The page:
Graduates from poor backgrounds 'earn 11% less than counterparts'

Those from the most affluent backgrounds earn a median of £31,000, while those from the most impoverished areas pocket £27,400.

Graduates from poor backgrounds ‘earn 11% less than counterparts’ PA Media

Graduates from the poorest parts of Scotland earn an average of 11% less than their more affluent counterparts five years after finishing their studies, figures show.

Statistics published by the Scottish Government on the earnings of university graduates show those from the most affluent backgrounds earn a median of £31,000, while those from the most impoverished areas pocket £27,400.

The figures looked at graduates from the 2014-15 academic year and their earnings in the 2020-21 tax year, showing a median earning of £29,900 per year for all students.

When broken down by the sex of the graduates, the figures also lay bare a bigger gap between men and women from more affluent backgrounds.

Median earnings for male graduates from the richest areas are £32,100, compared to £30,300 for women, while the gap is just £400 for those from the most deprived areas.

The difference in median earnings between those with a disability and without is £2,200, the figures also show.

Pam Duncan-Glancy, the Scottish Labour education spokeswoman, said the statistics show the “level of ingrained inequality that thousands of young people in Scotland face”.

She added: “It is clear to see that people from the most deprived backgrounds, women and disabled people are being held back and are earning less after they graduate than others.

“This is deeply unfair and it doesn’t have to be that way.

“We must do everything we can to ensure that there is a level playing field for all – and the report out today shows that there is still so much work to be done.”

The statistics were released as UK Labour leader Sir Keir Starmer announced his party’s plans to boost education for poorer children at an event interrupted by climate protesters.

Duncan-Glancy added: “That’s why today Keir Starmer outlined Labour’s mission to ensure that no child will be held back because of their background through measures such as closing tax loopholes for private schools, tackling gender, age and disability pay gaps, and supporting public services. Labour will improve life chances for everyone.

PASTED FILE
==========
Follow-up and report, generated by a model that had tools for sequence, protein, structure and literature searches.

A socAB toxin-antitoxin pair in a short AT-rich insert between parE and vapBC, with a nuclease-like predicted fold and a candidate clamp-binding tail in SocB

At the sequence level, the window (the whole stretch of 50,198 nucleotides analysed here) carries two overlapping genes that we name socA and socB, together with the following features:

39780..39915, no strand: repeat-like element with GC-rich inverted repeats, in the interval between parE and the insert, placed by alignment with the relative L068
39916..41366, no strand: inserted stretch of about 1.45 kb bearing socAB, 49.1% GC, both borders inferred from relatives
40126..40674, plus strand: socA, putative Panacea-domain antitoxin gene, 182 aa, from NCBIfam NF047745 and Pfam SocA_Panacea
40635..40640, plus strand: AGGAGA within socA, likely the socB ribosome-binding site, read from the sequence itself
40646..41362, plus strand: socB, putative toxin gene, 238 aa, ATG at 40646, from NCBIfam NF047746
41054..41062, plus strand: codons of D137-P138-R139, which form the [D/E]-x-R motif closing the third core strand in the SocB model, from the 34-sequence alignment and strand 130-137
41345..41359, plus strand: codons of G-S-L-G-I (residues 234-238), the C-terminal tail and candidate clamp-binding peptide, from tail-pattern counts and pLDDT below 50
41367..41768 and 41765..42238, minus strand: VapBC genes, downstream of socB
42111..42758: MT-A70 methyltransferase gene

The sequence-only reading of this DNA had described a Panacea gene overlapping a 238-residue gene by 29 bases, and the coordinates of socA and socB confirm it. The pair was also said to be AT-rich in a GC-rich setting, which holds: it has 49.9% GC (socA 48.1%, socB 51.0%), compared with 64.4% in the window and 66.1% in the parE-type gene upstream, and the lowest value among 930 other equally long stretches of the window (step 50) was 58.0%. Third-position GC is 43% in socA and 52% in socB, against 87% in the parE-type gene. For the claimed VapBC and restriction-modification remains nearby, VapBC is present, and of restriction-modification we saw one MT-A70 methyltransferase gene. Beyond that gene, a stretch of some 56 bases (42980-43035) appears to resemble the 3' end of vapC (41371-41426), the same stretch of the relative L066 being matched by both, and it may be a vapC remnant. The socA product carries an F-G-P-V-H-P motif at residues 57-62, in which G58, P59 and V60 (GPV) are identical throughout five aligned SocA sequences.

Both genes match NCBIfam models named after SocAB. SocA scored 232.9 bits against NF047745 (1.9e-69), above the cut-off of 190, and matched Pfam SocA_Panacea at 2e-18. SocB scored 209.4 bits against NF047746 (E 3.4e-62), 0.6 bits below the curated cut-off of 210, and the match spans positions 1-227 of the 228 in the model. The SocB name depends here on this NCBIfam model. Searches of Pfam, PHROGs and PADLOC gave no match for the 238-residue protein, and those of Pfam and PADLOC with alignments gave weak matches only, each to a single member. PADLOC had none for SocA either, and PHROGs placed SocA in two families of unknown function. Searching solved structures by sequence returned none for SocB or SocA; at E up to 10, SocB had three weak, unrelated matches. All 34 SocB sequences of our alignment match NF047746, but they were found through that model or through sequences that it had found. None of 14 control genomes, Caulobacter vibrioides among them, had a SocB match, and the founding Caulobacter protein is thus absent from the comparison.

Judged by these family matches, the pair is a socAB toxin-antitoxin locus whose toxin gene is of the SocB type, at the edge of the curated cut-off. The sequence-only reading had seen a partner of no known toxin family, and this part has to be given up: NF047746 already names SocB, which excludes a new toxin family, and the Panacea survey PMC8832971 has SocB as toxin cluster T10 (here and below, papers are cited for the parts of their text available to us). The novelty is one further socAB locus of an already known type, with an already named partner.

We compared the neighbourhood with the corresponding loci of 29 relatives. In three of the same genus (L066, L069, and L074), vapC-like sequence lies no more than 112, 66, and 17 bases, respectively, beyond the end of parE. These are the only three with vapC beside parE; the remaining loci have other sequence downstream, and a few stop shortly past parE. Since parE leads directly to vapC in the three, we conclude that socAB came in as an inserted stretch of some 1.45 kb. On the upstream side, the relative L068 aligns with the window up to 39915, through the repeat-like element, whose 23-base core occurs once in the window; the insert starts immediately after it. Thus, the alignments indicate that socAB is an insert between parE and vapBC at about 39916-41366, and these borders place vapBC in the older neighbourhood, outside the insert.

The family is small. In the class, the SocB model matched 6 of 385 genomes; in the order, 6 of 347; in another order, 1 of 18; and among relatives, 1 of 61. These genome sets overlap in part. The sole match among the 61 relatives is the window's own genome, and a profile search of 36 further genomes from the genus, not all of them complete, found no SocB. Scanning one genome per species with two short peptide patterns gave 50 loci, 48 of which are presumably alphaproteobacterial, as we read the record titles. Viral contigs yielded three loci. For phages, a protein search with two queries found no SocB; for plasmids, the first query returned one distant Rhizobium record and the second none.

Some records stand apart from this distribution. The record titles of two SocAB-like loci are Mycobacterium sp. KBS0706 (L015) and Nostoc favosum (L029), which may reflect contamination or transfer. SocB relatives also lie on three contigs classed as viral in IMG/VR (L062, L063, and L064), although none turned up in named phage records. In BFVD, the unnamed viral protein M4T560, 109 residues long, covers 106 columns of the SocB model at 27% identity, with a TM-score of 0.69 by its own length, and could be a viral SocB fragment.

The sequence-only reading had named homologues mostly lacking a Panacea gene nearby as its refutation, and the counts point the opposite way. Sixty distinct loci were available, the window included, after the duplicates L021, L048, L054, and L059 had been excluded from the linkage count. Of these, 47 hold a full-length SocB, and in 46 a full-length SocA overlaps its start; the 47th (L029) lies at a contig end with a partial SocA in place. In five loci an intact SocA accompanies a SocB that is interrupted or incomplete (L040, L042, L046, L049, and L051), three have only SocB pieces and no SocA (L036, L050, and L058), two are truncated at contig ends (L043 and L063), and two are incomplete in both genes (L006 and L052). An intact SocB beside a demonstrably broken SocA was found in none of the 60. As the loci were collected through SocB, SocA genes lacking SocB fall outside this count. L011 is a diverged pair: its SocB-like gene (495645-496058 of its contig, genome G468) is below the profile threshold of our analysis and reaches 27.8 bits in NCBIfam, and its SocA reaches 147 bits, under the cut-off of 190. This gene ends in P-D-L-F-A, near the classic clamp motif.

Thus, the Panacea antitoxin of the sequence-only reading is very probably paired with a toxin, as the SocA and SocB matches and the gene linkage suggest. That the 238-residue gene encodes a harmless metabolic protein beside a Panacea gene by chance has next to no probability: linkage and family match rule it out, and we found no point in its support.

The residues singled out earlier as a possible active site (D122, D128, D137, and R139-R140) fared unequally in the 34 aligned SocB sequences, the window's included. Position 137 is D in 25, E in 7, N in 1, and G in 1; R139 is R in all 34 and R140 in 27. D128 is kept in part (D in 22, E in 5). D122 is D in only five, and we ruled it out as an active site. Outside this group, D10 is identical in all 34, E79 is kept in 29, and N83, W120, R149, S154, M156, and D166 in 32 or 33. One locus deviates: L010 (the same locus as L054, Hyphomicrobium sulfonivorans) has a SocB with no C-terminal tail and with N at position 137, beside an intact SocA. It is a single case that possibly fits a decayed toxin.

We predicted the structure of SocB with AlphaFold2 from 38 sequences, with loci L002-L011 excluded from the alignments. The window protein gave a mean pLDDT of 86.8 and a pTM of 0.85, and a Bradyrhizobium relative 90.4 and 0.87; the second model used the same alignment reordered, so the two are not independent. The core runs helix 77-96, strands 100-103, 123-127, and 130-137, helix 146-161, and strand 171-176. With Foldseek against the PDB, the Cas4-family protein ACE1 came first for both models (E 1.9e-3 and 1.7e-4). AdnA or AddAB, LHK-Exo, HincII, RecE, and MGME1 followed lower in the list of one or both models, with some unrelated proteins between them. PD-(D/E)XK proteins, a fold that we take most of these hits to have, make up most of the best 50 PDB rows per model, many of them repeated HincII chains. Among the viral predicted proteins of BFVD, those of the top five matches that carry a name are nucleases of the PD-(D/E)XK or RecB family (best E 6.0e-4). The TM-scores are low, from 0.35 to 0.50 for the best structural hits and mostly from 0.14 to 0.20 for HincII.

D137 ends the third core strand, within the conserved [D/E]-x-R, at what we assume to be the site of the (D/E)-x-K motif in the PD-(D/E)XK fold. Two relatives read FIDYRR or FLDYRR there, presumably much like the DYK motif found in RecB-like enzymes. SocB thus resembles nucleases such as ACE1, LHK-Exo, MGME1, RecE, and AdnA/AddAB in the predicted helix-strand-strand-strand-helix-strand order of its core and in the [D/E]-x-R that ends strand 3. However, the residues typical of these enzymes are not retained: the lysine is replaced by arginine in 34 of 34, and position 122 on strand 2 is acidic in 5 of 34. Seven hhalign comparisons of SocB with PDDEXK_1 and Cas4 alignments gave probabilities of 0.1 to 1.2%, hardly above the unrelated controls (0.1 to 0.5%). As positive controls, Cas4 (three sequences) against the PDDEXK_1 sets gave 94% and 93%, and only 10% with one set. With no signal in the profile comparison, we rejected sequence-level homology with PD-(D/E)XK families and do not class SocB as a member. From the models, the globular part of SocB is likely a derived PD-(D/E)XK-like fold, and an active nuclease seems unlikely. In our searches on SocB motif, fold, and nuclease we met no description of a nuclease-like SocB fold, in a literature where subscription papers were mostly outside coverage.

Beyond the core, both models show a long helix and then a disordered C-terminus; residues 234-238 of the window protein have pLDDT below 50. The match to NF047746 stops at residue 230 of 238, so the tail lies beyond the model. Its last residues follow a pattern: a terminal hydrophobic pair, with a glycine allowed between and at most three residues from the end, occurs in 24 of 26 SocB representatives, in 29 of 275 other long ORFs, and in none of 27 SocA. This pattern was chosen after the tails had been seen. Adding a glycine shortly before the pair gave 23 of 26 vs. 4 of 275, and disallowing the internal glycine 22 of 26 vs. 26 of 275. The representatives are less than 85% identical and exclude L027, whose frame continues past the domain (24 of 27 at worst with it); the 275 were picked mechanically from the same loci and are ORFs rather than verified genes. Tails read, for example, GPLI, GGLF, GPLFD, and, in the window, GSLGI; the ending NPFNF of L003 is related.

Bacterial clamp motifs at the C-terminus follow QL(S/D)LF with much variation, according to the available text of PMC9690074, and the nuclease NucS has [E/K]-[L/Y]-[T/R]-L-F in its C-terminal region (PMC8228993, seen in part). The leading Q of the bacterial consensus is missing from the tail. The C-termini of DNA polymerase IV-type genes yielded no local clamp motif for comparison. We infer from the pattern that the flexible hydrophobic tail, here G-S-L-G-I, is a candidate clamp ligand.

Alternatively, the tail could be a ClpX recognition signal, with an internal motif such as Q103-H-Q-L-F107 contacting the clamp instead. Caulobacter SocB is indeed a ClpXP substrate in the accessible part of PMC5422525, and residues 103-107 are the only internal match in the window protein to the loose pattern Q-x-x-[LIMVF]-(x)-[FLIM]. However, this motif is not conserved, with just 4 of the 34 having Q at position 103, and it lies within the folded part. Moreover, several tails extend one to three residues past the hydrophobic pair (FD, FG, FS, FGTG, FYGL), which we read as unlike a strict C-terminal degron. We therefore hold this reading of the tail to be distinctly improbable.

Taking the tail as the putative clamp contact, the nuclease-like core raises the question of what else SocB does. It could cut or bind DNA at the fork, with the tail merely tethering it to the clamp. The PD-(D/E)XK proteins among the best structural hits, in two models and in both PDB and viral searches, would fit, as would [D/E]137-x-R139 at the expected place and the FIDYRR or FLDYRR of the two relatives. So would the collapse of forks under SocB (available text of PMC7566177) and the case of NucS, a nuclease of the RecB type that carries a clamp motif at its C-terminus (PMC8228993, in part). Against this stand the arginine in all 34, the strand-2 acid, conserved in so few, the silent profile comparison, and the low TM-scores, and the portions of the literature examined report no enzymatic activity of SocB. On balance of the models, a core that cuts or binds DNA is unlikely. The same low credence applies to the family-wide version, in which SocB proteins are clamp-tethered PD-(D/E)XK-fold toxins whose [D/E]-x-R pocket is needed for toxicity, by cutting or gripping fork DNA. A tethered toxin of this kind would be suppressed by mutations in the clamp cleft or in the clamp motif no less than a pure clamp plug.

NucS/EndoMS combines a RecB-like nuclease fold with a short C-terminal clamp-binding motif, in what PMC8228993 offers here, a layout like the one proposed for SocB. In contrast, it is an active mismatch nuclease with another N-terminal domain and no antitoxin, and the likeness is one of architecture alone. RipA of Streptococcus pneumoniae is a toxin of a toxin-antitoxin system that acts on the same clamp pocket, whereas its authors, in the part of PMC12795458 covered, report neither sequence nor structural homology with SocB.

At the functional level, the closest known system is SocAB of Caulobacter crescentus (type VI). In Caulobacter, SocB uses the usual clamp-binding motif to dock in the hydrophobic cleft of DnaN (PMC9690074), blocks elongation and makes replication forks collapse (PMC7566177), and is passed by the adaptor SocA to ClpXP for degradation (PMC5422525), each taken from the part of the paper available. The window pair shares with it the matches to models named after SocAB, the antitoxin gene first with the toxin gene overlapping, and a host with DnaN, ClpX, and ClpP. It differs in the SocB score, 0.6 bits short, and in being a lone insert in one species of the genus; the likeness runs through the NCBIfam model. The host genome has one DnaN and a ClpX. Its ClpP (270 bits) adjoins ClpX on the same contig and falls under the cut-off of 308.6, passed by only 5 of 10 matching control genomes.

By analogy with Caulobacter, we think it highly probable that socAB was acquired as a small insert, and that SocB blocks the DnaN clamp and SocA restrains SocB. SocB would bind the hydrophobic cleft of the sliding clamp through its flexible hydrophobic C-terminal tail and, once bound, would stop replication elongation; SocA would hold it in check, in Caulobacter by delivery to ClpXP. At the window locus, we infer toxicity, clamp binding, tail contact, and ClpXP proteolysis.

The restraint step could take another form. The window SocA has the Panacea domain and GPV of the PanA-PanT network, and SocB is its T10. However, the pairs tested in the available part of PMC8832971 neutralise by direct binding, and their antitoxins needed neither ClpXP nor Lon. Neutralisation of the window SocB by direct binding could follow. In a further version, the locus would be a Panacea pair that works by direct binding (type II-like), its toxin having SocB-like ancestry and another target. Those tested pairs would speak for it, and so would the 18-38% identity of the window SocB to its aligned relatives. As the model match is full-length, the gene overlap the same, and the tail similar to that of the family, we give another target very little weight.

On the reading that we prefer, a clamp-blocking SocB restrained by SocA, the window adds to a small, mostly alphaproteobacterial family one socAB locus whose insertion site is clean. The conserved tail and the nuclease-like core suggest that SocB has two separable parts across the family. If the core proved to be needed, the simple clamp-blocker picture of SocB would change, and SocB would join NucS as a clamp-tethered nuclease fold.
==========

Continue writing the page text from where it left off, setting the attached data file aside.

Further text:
“Today I call on the SNP’s Education Secretary to work with Scottish Labour to make sure that every student in Scotland – regardless of their background and circumstances – is given a fair chance to succeed.”

A spokesperson for Scotland’s minister for Higher and Further Education, Graeme Day MSP, responded: “The Scottish Government is committed to addressing inequalities in the labour market. Encouragingly, these figures highlight a reduction in the earnings gap between male and female graduates and between disabled graduates and non-disabled graduates.

“Our commitment to free university tuition means that a university education is based on the ability to learn and not the ability to pay – and sees students in Scotland with by far the lowest levels of debt in the UK.

“The average debt for students in England is now £44,940 which is almost three times the level of Scotland – which is why Keir Starmer’s U-turn on tuition fees is so damaging. Saddling students with tuition fee debt is not the way to tackle inequality.

“Coupled with today’s confirmation that scrapping the two child benefit cap is not Labour policy, any suggestion that Labour are focused on tackling inequality for young people will ring hollow.”

STV News is now on WhatsApp

Get all the latest news from around the country

Follow STV News
Follow STV News on WhatsApp

Scan the QR code on your mobile device for all the latest news from around the country

WhatsApp channel QR Code